Folklore and Millets: A Cultural Connection

United Nations has declared 2023 as the ‘International Year of the Millet’. This year is dedicated to promoting the consumption and cultivation of millets to improve food security, mitigate the effects of climate change, and promote sustainable agriculture. Millets are staple crops grown and consumed in many countries worldwide, including India, China, Burkina Faso and Nigeria. Some of the commonly grown millets are Pearl Millet (Bajra), Finger Millet (Ragi), Sorghum (Jowar) and Foxtail Millet (Kangni).

Folklores have been integral to the cultural fabric and narrative of many societies worldwide for centuries. Similarly, millet has been a staple food in many communities from time immemorial. These small-seeded grains are highly nutritious and can grow in various climates, making them an important food source in regions where other crops may not thrive. In many societies, millets are intertwined with the folklore and mythology of the people. For example, in some African communities, millets are believed to have magical properties and are used in rituals to bring good luck and prosperity. There is a famous African folktale about a farmer who tames the snake who was destroying his millet crop.

The Grimm Brothers, famous for their collection of fairy tales, have several stories that feature porridge as a central theme, such as “Goldilocks and the Three Bears.” In “Goldilocks and the Three Bears,” porridge is an integral part of the story, as it is the food prepared for the three bears when Goldilocks enters their house. The other well-known fairy tale about sweet porridge is “The Story of the Youth Who Went Forth to Learn What Fear Was” from the collection of the Grimm Brothers. In this story, a young man starts a journey to learn what fear is and comes across an older woman cooking a pot of sweet porridge. She invites the young man to stay the night and share her porridge with him.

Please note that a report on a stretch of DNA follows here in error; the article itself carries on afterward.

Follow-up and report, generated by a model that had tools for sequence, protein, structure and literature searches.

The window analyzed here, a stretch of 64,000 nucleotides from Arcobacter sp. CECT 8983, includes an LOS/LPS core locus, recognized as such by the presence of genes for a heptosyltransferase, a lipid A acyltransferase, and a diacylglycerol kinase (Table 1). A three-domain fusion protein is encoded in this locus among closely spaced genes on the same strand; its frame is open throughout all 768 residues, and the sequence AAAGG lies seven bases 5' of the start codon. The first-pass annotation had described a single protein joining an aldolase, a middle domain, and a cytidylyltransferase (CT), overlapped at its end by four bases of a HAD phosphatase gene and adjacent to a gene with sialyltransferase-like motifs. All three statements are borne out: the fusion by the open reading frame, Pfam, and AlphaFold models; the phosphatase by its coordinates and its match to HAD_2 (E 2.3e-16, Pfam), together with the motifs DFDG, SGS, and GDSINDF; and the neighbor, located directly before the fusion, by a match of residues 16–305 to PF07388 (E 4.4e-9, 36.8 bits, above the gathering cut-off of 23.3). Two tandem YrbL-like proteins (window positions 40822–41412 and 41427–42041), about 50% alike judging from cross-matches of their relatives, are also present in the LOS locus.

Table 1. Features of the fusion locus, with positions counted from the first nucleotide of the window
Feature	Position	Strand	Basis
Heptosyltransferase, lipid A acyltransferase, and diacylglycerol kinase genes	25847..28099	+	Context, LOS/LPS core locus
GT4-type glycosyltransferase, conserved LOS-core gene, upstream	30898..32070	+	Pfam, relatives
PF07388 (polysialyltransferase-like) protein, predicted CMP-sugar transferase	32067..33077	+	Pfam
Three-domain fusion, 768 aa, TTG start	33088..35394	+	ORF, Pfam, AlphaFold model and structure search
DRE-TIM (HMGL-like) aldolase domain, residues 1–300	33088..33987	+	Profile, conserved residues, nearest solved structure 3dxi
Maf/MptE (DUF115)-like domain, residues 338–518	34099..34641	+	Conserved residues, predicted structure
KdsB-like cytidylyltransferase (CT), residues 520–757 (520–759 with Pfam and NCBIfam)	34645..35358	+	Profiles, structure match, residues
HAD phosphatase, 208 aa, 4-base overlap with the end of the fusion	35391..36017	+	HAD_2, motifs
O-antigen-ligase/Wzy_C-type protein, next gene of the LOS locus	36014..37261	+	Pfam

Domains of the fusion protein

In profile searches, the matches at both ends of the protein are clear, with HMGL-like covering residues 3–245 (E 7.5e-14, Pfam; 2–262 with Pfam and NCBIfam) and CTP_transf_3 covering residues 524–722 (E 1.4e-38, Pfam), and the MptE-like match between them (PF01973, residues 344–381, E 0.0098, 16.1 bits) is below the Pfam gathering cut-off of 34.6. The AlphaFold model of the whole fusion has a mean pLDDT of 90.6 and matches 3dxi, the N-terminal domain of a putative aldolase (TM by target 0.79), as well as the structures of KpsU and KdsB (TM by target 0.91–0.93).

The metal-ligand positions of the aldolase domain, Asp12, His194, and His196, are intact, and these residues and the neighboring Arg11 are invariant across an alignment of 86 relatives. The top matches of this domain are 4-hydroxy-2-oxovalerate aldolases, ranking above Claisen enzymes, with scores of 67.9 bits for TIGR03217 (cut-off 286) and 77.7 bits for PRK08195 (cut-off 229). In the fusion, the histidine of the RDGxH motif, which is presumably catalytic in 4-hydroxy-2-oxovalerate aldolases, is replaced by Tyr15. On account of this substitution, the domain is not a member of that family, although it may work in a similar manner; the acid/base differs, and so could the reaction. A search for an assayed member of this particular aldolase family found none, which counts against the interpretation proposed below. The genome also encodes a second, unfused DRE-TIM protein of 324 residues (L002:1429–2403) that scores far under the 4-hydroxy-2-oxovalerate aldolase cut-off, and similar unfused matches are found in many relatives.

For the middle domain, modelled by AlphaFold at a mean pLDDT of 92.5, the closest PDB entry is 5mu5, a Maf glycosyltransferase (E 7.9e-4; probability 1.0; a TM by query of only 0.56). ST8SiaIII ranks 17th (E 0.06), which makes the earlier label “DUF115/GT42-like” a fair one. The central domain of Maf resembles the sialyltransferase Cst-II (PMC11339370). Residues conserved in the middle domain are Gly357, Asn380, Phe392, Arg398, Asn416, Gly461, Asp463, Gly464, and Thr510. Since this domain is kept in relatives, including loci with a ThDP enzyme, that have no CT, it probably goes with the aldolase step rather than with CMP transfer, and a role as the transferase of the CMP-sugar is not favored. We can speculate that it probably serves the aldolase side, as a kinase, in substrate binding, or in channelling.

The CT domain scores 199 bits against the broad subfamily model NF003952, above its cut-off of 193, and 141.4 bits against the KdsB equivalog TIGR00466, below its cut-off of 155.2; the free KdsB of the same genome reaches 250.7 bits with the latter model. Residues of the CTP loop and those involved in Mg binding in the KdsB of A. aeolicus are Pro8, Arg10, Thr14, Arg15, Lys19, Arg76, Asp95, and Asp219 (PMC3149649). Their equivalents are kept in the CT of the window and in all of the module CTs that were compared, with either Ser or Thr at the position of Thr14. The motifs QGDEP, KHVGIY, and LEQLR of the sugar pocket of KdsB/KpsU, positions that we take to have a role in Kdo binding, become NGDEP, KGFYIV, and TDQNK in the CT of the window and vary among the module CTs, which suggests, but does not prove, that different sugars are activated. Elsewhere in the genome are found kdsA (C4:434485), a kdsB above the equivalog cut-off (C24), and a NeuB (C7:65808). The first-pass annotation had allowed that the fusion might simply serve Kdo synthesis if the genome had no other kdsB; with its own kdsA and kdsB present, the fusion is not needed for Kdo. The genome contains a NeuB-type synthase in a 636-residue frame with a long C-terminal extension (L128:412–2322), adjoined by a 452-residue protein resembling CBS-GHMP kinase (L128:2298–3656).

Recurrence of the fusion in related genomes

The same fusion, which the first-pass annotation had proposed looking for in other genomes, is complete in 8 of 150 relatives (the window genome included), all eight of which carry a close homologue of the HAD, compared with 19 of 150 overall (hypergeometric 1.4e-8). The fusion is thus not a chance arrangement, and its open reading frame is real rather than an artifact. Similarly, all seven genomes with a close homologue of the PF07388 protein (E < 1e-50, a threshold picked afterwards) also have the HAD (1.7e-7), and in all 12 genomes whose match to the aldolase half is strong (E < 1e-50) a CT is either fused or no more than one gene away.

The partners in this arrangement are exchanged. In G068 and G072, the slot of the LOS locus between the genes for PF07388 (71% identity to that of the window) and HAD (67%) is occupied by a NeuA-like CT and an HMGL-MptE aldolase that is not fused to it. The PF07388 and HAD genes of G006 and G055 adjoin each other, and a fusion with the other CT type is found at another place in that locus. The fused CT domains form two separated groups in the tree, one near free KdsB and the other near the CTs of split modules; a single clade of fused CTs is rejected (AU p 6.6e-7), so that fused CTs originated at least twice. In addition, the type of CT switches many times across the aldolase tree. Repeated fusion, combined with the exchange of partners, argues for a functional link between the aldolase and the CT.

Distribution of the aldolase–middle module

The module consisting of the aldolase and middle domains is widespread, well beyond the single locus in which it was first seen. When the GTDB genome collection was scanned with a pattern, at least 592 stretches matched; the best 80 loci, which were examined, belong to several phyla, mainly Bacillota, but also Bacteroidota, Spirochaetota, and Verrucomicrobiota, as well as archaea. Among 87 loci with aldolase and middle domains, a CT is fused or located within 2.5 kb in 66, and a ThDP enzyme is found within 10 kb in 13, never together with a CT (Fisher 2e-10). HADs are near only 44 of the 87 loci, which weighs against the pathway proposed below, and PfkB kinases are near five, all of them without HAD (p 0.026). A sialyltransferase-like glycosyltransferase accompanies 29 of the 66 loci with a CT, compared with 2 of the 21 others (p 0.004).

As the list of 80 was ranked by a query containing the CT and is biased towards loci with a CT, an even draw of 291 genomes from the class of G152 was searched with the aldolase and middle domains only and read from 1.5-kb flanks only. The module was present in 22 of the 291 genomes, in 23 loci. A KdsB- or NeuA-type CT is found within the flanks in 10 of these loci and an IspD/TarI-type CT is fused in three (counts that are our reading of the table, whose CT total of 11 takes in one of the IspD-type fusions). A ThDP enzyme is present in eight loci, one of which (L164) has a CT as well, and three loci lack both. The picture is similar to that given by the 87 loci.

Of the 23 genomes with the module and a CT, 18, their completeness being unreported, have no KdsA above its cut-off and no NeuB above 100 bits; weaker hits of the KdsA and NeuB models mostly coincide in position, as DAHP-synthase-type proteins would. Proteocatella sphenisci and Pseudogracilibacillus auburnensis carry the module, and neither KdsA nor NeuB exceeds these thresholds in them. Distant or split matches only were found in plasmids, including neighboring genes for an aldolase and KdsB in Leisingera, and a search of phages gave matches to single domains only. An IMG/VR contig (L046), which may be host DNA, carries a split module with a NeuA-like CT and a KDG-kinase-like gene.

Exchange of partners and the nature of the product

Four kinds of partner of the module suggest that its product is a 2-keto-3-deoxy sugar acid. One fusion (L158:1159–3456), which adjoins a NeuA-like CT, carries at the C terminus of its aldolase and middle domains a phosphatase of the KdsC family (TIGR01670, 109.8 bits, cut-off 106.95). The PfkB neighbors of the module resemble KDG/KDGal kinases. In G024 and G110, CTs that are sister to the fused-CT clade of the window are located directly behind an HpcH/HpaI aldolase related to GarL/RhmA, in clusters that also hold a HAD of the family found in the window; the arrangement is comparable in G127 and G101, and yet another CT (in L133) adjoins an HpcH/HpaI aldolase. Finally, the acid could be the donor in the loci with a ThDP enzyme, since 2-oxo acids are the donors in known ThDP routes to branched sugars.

India, one of the largest producers of millet in the world, has millet as a central theme/ character in its vast folk culture.”Bajre Da Sitta” is a famous Punjabi folk song that is often sung at traditional weddings. The song is based on the theme of harvest and celebrates the abundance of the crop of millets (bajra). The song’s lyrics express gratitude for the bountiful harvest and hope for a good harvest in the future. One example of a harvest festival related to millets is the “Kuthiyottam” festival celebrated in the Indian state of Kerala. This festival is held in honor of Lord Vishnu and is celebrated in November or December. During the festival, young boys are trained to perform a traditional dance known as “Kuthiyottam,” which involves elaborate rituals and offerings made to the deity using millet.

These folklores not only showcase the importance of millet in the culture but also serve as a reminder of food’s important role in our lives. They highlight millets’ cultural and historical significance and their role as a source of nourishment and sustenance for communities worldwide. These folklores also connect us to our rich cultural heritage and help to connect us to our past and to the wisdom of our ancestors.

In recent years, there has been a resurgence of interest in traditional foods like millet as people look for healthier and more sustainable food options. For example, millet flour is used in baking and can be used as a substitute for wheat flour in recipes such as cakes, cookies, and bread. It has a slightly nutty flavor and is gluten-free, making it a good option for people with gluten sensitivities. By embracing our connection to these traditional foods, we can improve our health and well-being and preserve our communities’ cultural heritage.

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